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Acta Psychiatr Scand. 1997 Apr;95(4):288-96.

Dose escalation vs. continued doses of paroxetine and maprotiline: a prospective study in depressed out-patients with inadequate treatment response.

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  • 1Department of Psychiatry, University of Mainz, Germany.

Abstract

In view of the fact that controlled prospective studies on the benefits of dose escalation of the selective serotonin re-uptake inhibitor (SSRI) paroxetine are lacking, we conducted a double-blind, randomized, parallel-group multicentre study designed to compare the possible benefits of dose escalation of paroxetine and maprotiline in patients suffering from major or minor depression according to modified Research Diagnostic Criteria (RDC) with inadequate treatment response. The study sample consisted of 544 out-patients with different degrees of severity of depression. Patients received either 20 mg paroxetine (n = 271) or 100 mg maprotiline (n = 273) for the first 3 weeks in a double-blind manner. Response after 3 weeks was defined using explicit operationalized criteria. Patients with inadequate treatment response (paroxetine group, n = 86; maprotiline group, n = 88) were again randomized to either continuation of the previous dosage (paroxetine, n = 36; maprotiline, n = 48) or increased doses, i.e. 40 mg paroxetine (n = 50) or 150 mg maprotiline (n = 40), respectively. Intention-to-treat and completer analyses were performed. Defining response as a reduction in Hamilton Depression Rating Scale (17-item version) (HAMD-17) score of at least 50% from baseline, no significant benefits of dose escalation were found for either paroxetine or maprotiline. Stratification according to baseline severity of depression also revealed no significant benefits of dose escalation. After dose escalation, new adverse events that had not been present during treatment with lower doses rarely occurred. Our results support the view that a dose of 20 mg paroxetine is optimal for the acute treatment of depression in the majority of patients.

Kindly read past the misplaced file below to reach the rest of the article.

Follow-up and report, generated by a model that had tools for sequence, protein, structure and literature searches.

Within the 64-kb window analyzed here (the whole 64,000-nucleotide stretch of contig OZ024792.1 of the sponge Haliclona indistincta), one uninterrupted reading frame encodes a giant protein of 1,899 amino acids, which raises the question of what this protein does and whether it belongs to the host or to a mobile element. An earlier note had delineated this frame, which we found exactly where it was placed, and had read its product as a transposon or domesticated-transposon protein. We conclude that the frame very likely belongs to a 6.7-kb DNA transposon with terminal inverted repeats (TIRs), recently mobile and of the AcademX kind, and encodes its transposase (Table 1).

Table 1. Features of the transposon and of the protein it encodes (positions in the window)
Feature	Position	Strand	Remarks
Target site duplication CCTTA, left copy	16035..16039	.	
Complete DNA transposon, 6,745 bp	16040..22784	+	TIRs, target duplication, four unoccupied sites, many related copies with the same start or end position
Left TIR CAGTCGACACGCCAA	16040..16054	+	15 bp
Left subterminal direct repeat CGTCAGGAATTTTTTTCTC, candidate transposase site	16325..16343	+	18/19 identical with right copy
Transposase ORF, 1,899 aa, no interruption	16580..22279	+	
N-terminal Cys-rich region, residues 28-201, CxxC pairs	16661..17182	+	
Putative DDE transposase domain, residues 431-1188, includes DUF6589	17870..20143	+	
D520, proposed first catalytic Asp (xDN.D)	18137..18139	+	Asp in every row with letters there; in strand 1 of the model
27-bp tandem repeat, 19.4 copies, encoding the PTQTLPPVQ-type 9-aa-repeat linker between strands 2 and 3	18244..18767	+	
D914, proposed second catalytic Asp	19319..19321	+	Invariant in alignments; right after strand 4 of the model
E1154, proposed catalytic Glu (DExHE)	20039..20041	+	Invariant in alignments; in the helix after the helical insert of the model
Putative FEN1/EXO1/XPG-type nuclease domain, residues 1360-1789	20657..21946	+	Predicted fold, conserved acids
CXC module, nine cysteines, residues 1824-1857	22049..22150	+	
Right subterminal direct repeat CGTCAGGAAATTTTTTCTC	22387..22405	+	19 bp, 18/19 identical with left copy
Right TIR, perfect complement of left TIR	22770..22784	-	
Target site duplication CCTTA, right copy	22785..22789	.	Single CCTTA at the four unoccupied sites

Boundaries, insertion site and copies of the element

PMID:
9150822
[PubMed - indexed for MEDLINE]
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